The man known as "El Presidente" won 245 games in his 23-year MLB career, but just one of those came with the Mariners when he signed late in spring as a 43-year-old free agent and then went 1-5 with a 7.71 ERA in nine starts before being released two months into the season. The four-time All-Star landed a job in the Braves' bullpen the following year before calling it a career.

Rickey Henderson, 2000
When you play for 25 years, you often wear a lot of hats. And one of the game's greatest speedsters donned a Mariners cap for the final four months of 2000 at age 41 and still had enough left to steal 30 bases in 92 games. While his offensive numbers were down (.238 with four homers and 30 RBIs), Rickey still got on base at a .362 clip and was the starting left fielder down the stretch for a club that won 91 games and reached the American League Championship Series before losing to the Yankees. The 10-time All-Star played three more seasons -- with the Padres, Red Sox and Dodgers -- before retiring in '04 and being a first-ballot Hall of Fame inductee in '09.
Rich Aurilia, 2004
Aurilia played 15 years in the Majors and was a 2001 All-Star and Silver Slugger Award winner with San Francisco, where he spent his first nine seasons before signing with the Mariners as a free agent to solidify their infield at shortstop. But his stay with Seattle turned into a disappointing 73-game stint during which he batted .241/.304/.337 with four homers and 28 RBIs before being shipped to San Diego in mid-July for cash.
Carl Everett, 2006
A year after Everett helped the White Sox win a World Series title, the Mariners signed the two-time All-Star to fill their designated hitter role at age 35. But Everett, who bounced around to eight different teams in a 14-year career, wound up hitting just .227/.297/.360 with 11 homers and 33 RBIs in 92 games before being let go in late July in what turned out to be his final Major League stop.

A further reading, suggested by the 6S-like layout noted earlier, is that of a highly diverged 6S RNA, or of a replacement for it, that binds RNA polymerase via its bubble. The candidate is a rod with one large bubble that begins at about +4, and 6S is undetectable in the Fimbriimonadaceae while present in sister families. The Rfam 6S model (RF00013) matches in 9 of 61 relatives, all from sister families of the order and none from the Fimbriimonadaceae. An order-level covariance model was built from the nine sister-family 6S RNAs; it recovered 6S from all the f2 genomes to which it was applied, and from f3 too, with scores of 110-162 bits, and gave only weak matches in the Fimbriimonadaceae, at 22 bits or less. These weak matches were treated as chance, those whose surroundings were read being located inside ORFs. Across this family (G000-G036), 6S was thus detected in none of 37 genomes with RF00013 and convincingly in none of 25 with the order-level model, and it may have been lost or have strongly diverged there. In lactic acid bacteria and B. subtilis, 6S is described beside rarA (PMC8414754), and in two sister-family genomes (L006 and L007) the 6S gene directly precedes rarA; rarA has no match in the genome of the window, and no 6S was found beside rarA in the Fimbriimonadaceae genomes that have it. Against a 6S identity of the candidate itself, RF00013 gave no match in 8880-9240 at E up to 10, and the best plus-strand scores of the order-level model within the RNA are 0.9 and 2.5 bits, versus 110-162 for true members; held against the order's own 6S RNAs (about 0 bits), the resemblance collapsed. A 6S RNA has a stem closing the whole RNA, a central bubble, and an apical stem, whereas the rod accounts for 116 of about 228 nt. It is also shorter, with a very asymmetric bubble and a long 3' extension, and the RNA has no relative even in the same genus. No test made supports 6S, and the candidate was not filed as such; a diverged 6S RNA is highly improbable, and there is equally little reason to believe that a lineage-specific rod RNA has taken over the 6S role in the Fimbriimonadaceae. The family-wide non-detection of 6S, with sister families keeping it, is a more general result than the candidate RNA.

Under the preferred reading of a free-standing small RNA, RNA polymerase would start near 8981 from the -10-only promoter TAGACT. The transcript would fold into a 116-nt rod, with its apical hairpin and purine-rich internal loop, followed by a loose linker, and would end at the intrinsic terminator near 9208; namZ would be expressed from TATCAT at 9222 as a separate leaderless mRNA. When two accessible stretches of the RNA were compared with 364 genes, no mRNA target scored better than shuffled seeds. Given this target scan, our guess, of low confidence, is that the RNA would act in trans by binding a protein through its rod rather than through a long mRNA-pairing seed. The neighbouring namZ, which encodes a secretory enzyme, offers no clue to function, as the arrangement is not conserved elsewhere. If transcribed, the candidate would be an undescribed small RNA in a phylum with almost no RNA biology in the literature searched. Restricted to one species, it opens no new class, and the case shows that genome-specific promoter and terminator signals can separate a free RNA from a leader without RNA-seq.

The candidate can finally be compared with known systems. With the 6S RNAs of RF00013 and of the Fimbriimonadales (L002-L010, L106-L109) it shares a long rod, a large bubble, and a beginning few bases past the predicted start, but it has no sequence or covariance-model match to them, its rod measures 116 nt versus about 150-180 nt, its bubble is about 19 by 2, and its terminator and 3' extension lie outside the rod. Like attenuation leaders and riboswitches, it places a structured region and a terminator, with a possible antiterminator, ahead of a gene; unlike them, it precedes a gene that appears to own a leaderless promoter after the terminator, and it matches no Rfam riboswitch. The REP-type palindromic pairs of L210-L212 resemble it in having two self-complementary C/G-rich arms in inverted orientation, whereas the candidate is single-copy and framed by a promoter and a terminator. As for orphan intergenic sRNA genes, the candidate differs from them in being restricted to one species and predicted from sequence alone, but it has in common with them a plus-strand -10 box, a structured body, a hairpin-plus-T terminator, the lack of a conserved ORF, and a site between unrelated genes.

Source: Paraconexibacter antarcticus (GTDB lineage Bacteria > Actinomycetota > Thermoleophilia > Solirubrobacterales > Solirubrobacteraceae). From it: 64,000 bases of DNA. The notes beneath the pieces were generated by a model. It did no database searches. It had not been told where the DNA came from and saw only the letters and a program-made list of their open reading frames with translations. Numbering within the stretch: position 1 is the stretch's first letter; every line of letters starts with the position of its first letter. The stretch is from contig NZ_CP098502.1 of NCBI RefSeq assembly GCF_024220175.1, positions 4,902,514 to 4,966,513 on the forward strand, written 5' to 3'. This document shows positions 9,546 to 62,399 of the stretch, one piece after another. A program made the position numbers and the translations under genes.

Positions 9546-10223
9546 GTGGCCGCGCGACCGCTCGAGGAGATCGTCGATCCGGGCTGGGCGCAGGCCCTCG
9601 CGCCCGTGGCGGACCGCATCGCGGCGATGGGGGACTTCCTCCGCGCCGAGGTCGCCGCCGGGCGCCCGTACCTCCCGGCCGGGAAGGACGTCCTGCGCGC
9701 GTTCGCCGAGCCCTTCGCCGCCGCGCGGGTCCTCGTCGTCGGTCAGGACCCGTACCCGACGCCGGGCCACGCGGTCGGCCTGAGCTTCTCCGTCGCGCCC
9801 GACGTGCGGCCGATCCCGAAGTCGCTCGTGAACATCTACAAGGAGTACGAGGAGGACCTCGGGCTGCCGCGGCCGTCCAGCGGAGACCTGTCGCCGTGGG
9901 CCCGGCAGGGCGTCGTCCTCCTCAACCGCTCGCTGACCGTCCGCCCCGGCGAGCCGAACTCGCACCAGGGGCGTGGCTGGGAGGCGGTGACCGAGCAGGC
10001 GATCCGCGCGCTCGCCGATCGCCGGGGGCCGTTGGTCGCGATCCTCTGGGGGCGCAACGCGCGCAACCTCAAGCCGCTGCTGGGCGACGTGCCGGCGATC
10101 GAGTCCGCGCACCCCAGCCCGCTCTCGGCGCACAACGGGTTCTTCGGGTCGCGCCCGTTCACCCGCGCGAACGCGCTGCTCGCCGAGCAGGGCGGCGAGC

Jason Bay, 2013
Bay was a prodigious slugger for much of his 11 seasons in the big leagues, being named National League Rookie of the Year with the Pirates in 2004 and going on to three All-Star berths and four seasons of 30-plus homers and 100-plus RBIs. But by the time he reached Seattle as a 34-year-old left fielder, Bay was just about done. He hit .204/.298/.393 with 11 homers and 20 RBIs in 68 games before being released in early August.

Carlos Ruiz, 2017
Because he played so recently, many fans will still recall Ruiz's final year came with the Mariners. But as time passes, "Chooch" will undoubtedly be remembered exclusively for his 11 seasons in Philadelphia, where he was a big part of World Series teams in 2008 and '09 and earned his lone All-Star bid as well as a reputation as a defensive stalwart and clutch hitter. A career .264 batter with a .350 on-base percentage, Ruiz hit just .216/.313/.352 in 53 games as a backup for Seattle in his final MLB season.

Greg Johns has covered the Mariners since 1997, and for since 2011. Follow him on Twitter @GregJohnsMLB.